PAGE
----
Portland Police Chief Frank Clark, shown here at a press conference last month, says he is concerned about staffing levels in his department. Brianna Soukup / Portland Press Herald

PORTLAND — Proposed budget cuts, a freeze on filling open positions, and looming retirements have Portland Police Chief Frank Clark concerned about the staffing level at his department and its impact on policing and crime reduction.

City Manager Jon Jennings’ fiscal year 2021 budget for the police department is $17.1 million, down $561,700 from the current budget. The police budget, which represents about 8.5% of the overall municipal spending, reduces the number of sworn officers to 158 – the lowest in 20 years – due to the school board’s elimination of the school resource officer program and, as part of the budget cuts, the loss of a community policing officer. 

The loss of the three positions, Clark said, will “provide obvious gaps in our proactive community policing and problem-solving efforts.”

Meanwhile, six open positions, including two officers and two dispatchers, cannot be filled until January as part of a citywide hiring freeze.

“Coupled with the unknown start date of the next Maine Basic Law Enforcement Training Academy due to COVID limitations, and the impacts of the current national climate, I remain concerned about staffing impacts, internally, in terms of retention, employee time off, morale and wellness and, externally, in terms of provision of community services and crime reduction,” he told The Forecaster.

Not knowing when the academy will reopen for training makes it difficult to plan for existing or anticipated vacancies, he said.

Eight officers have resigned this year, including four since June 1, Clark said. Another 12 officers are eligible for retirement and are weighing their options, he said

A Black Lives Matter protest June 1 in the city grew violent and police were unprepared for the vandalism and attacks on officers, Clark said previously. Police used pepper spray for crowd control and made 23 arrests.

Clark’s staffing concerns come amid calls from the Black Lives Matter movement and the homeless encampments in the city to reallocate some police department funding to resources for mental health and other social services.

The fiscal year 2021 budget, on which the City Council is expected to vote Sept. 21, marks the first time in more than a decade that the allocation to police has gone down. Over the last 11 years, city police expenditures have gone up close to 30%.

Clark said that increase came during a time when money was allocated for a new Portland Regional Communications Center that now provides fire, police and emergency medical services dispatch for Portland, South Portland and Cape Elizabeth. It also came at a time when the budget was expanded to include a neighborhood prosecutor, community policing coordinator and  non-traditional positions, such as behavioral health and substance use disorder liaisons.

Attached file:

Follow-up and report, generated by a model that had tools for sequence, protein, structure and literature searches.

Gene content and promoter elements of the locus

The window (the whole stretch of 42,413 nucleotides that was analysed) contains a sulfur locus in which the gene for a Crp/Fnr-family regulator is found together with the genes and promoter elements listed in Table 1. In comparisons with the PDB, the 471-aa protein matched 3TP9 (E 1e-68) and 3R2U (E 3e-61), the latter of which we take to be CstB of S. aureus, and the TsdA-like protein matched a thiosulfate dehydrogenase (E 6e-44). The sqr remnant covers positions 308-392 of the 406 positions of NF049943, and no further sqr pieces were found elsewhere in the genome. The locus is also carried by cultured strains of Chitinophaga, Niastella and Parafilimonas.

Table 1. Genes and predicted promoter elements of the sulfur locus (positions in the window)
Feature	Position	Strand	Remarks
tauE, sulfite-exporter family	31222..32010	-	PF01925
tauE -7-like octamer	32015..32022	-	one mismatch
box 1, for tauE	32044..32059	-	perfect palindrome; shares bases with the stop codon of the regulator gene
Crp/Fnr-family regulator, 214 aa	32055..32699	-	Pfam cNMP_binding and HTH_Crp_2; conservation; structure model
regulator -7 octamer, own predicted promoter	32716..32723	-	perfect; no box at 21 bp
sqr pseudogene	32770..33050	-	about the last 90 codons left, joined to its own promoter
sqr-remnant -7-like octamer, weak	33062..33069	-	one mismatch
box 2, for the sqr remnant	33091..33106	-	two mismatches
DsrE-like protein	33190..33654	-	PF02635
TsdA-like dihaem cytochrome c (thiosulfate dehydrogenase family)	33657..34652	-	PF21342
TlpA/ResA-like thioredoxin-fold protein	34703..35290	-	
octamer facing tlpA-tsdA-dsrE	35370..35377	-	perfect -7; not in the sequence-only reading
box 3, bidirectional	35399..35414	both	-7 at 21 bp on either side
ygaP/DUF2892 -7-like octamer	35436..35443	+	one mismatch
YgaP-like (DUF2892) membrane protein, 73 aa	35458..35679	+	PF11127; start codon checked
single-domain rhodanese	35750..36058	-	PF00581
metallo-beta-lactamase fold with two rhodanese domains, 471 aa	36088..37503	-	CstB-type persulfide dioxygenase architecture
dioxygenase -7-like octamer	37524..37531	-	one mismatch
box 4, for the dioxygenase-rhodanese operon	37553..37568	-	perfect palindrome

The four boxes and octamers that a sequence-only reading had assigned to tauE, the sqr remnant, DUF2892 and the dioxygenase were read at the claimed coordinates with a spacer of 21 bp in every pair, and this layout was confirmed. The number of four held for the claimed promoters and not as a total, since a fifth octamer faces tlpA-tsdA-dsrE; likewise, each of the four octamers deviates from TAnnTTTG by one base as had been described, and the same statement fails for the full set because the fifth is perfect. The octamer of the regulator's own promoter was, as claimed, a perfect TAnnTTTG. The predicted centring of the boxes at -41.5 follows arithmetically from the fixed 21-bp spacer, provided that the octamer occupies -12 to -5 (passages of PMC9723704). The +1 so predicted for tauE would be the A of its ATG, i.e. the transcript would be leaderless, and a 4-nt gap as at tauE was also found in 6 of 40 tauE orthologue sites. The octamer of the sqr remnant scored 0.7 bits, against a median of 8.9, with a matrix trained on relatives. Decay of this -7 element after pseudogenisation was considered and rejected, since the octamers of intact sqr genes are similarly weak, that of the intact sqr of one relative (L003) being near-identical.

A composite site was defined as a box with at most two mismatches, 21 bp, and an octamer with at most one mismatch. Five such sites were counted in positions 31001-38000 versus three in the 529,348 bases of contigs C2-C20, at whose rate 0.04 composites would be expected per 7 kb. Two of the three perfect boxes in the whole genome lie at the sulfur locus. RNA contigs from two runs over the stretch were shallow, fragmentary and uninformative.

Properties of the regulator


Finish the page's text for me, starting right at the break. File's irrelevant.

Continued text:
Councilor Jill Duson said that in the spirit of a community push to reexamine police spending, she wants to have a discussion about whether those positions belong in the police budget or are better suited for the public health and health and human services budgets.

“When I ask people what do you mean when you say ‘defund’ the police, some of the answers that come back is a request that we look at the way we are providing non-police services …. through the police department,” she said.

Councilor Belinda Ray has asked Clark to look into the pros and cons of having behavioral health and substance use disorder positions funded through the police budget.

“Where do these services best live and what are the benefits and challenges of having them where they are, which is in the police force?” she said.

Those discussions are already internally underway. Clark said the department is open to looking at different models and once ideas are firmed up, he intends to bring them to the city manager, as well as the council’s Health and Human Services and Public Safety Committee.

Finance Director Brendan O’Connell said the increase in police budget is in line with increases over the last decade for overall municipal spending. Over the same time period – FY 11 to FY 21 – the expenditures of the city as a whole also rose close to 30%. Jennings said that 10 years ago, the city was still coming out of the Great Recession and as the economy rebounded, so too did city expenditures.

Given that, “the police department expenditure increase doesn’t seem unreasonable to me,” he said.

Regardless of the final budget number of his department or what it looks like in the future, Clark said “we intend to continue our efforts at promoting community policing and improving police training, policies, procedures and programs, all of which will require strong commitment and dedicated resources.”

“The police department’s employees are a dedicated and resilient bunch and we will remain committed to providing the highest level of service, while ensuring officer safety and employee wellness moving forward,” he said.

Comments are not available on this story.